The Financial Conduct Authority (FCA) has called for British asset managers to introduce radical changes in the industry, to control costs and boost returns for savers.
The regulator also stressed the need for increased competition and higher transparency in the sector, describing them as pivotal factors for a sector relied upon by millions of people. Investors, the FCA said, should be provided with simpler and clearer information on the costs involved, to ensure they can make the best possible decision to satisfy their interests.
Asset management firms have been urged to charge a single "all-in fee" and to keep costs and charges consistent in order to improve competition.
The recommendations come as the City watchdog published the findings of its study into the industry, which is worth approximately £7trn ($9trn) to the British economy.
"The asset management sector is important to the economy, managing the savings of millions of people and in the current low interest environment it's vital we help people earn a return on their savings," said the FCA chief executive, Andrew Bailey.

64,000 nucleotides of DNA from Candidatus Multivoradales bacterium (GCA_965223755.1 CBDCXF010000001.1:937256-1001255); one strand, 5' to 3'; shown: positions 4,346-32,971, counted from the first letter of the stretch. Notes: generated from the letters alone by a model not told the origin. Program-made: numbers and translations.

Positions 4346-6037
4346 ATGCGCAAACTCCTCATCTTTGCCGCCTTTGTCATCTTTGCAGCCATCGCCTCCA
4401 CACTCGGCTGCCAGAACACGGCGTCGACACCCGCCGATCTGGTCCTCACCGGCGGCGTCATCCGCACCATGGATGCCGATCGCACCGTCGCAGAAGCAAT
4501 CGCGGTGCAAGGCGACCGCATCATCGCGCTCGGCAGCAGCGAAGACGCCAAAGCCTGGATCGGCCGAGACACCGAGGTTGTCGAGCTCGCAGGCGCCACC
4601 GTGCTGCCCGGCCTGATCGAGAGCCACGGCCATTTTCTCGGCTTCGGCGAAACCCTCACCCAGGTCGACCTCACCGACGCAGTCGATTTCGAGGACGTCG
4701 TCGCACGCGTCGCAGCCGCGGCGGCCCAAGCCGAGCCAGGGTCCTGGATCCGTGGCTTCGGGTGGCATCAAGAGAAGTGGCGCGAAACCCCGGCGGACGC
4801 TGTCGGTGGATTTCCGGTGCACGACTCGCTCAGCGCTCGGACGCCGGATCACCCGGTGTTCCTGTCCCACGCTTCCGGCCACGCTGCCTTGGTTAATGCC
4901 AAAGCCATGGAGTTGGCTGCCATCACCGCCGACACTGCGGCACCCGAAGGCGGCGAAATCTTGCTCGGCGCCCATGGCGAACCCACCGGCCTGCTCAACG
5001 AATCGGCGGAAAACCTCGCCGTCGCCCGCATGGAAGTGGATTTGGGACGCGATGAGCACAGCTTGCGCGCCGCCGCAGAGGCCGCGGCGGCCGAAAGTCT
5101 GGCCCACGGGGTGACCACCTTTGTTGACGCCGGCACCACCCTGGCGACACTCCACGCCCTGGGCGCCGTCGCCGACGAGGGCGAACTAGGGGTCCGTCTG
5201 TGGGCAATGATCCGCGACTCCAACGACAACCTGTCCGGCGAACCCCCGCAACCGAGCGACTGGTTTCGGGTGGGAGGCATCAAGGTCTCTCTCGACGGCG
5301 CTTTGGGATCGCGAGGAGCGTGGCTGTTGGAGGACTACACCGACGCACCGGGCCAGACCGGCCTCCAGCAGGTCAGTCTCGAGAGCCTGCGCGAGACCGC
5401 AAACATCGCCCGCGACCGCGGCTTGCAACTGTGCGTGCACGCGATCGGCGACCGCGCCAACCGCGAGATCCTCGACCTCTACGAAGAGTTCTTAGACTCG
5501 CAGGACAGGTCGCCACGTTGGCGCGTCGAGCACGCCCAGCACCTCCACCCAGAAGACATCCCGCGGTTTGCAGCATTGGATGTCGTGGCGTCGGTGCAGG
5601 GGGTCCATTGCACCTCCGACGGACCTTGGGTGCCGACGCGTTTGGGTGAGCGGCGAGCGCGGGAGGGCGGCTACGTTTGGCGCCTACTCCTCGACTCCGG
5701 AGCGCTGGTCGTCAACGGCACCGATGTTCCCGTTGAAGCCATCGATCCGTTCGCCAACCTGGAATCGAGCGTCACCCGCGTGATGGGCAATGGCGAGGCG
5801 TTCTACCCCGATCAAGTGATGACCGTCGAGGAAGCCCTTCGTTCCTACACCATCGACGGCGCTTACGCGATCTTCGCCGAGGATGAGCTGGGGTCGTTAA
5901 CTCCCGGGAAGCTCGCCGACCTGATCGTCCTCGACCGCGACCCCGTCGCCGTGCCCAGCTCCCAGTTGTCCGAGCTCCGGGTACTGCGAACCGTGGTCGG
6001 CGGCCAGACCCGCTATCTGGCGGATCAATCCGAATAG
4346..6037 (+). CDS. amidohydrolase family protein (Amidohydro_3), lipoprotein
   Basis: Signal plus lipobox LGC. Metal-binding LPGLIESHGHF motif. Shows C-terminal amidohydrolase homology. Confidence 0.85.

"We have put together a comprehensive package of reforms that will make competition work better and help both retail and institutional investors to make their money work well for them."
The FCA, which added the sweeping changes will be implemented in stages, has also recommended two independent directors should be appointed to the boards of fund managing firms.
Will Goodhart, chief executive of the Chartered Financial Analyst Society of the UK, welcomed the findings.
"The report gives the UK investment profession a great opportunity to improve the way it works with customers and to move the debate on from costs and charges to focus on the vital role that the sector plays in the economy," he said.
"This is a sensible and positive outcome to an important exercise. We welcome the final report as it will help to protect consumers' interests, drive competition and addresses some of the issues that the sector faces at their root."